Picture by Wolfgang List
Who wouldn't like to take a look into the crystal ball? Erik Händeler somehow always carries one with him, but his prognoses for the future are not spiritual, but are based on sound research. His assumptions are based on the Kondratieff theory of long structural cycles. Erik Händeler is a futurologist. In our Philobrunch on April 13th he showed us the world of tomorrow.
A historical paradigm shift
Past changes to life and work, were for example the steam engine or electricity. Today it is digitalization that has ushered in a paradigm shift. But what's next? In order to make a projection for the future, it is first necessary to look into the past. According to the Kondratieff theory, innovations occur cyclically, in so-called long waves. These phases are triggered by disruptive technologies that increase productivity and thus lead to economic growth. When the productivity growth is exhausted, stagnation occurs. This consideration of the economic upswing and downturn is referred to as a Kondratieff wave. The first Kondratieff wave was generated by the steam engine, followed by the railway and electrical engineering. The 4th period was characterized by the automobile, today we are in the 5th cycle, the information technology*.
But how did these world-changing inventions come about? According to Händeler, there is always an economic necessity for innovation. Because when something becomes scarce, there is a need for something new. For example, the railway was invented because of logistical bottlenecks. Looking back, it all sounds very logical. But "what is the next bottleneck in developmental history", to put it in Handeler's words. The days when computers made the world more productive are long gone. And so the question is:
What will the history books refer to as the 6th Kondratieff wave?
According to Händeler: Health and dealing with knowledge.
According to the futurologist, this is not about working harder, but about classifying knowledge. Big data is almost is already old-school in business. Data and knowledge multiply inexorably. The challenge is being able to deal with that and process the information acquired. There is no longer anything like the universal scholars of the past. In order to master the complexity of unstructured knowledge, we need people with a very broad general education on the one hand and specialists with deep niche competence on the other.
"Rubber hierarchies" are becoming more and more important
The reason is simple: thanks to globalization, a high-performance computer with exactly the same productivity can be located in many different parts of the world. Because it is able to perform the same calculations from any location. But the decisive difference are the people behind it. Those who can make more out of the results/knowledge will survive in the competitive environment. And one person alone will be able to do less and less. Interdisciplinary teams working on topics at eye level are the key to more productivity.
Personal sensitivities, power thinking and status orientation are counterproductive. More than ever, "rubber hierarchies" (as Händeler calls them) are needed. Today you are part of one team, the day after tomorrow you move to a different project. We need to dissolve rigid structures in order to increase productivity again, and knowledge exchange must take place bilaterally. Given today's information flood you cannot have your knowledge bearers only at the highest hierarchical level. Together rather than against each other is becoming more than ever a key success factor.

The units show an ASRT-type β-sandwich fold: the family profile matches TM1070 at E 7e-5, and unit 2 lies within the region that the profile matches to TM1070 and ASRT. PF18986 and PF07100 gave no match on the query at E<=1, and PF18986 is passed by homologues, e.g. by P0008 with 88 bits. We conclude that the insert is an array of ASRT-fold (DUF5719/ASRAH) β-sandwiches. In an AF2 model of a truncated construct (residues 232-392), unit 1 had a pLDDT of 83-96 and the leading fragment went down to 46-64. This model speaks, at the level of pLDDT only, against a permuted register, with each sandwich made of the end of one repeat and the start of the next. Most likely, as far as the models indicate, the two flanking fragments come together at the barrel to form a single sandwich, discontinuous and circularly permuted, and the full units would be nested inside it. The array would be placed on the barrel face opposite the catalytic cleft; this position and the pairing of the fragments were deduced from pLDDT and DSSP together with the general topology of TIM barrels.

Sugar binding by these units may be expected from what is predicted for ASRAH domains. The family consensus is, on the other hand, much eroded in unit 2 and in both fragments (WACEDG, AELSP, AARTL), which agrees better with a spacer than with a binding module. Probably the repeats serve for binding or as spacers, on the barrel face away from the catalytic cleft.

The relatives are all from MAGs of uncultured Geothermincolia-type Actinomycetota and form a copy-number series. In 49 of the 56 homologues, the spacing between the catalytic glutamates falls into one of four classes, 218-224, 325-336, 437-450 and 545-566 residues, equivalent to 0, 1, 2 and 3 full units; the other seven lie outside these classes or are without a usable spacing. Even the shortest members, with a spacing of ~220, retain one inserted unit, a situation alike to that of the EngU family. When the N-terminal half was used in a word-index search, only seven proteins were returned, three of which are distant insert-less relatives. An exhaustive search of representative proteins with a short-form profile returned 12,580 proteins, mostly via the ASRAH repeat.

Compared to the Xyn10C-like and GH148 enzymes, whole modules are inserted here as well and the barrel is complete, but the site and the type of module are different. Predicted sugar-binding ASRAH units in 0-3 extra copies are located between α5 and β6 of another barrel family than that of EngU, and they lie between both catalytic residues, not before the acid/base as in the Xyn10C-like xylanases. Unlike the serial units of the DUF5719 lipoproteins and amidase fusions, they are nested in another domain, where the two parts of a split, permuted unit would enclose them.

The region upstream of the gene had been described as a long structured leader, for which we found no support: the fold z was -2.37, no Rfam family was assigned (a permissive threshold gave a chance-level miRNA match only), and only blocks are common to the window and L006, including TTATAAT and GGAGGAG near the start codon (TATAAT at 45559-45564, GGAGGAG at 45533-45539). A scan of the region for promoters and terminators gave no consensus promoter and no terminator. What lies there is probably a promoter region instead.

Scarcity is the driver of change. According to Händeler, mental and physical health is increasingly becoming a rarity.
The individual as part of a team becomes more and more important. If the construction worker used to lack the strength, he was provided with a jack hammer to boost productivity. Today we increasingly work in an "thought world" in which planning, consulting and organizing are essential tasks. The skills of the individual are no longer so easily replaceable. The shortage of skilled workers is becoming ever greater and special skills are in high demand. However, the best education won't help if you cannot utilize your competence due to a lack of health.
Looking to the future: focus on people
Summarizing the two future prognoses "Dealing with diffuse knowledge" and "Health", it becomes clear how much the the individual is moving into the foreground. Companies that universally act ethically (those that treat people with dignity) will be successful. Mobbing and the dog-eat-dog mentality were yesterday - today it is about appreciation and investment in health.
Participants raised the question whether we run the risk of neglecting people if we only focused on productivity? Putting people's health into the foreground, is indeed economically justified: burnout is not productive, so we should work to eliminate it. That is only rational. The fact that the individual benefits from increased efficiency is just an additional positive side effect. But Händeler also emphasizes that this is not the ultimate purpose. Our actions ought to stem from an ethical motivation. Acting economically entails social responsibility. But not only the company founder has a charitable mission. In order to promote a healthy environment, each and every one of us can contribute, e.g. by taking responsibility for our fellow human beings, and being willing to reconcile and cooperate. Health is always a combination of body and mind.
The higher the degree of digitization, the more important the person behind the technology becomes.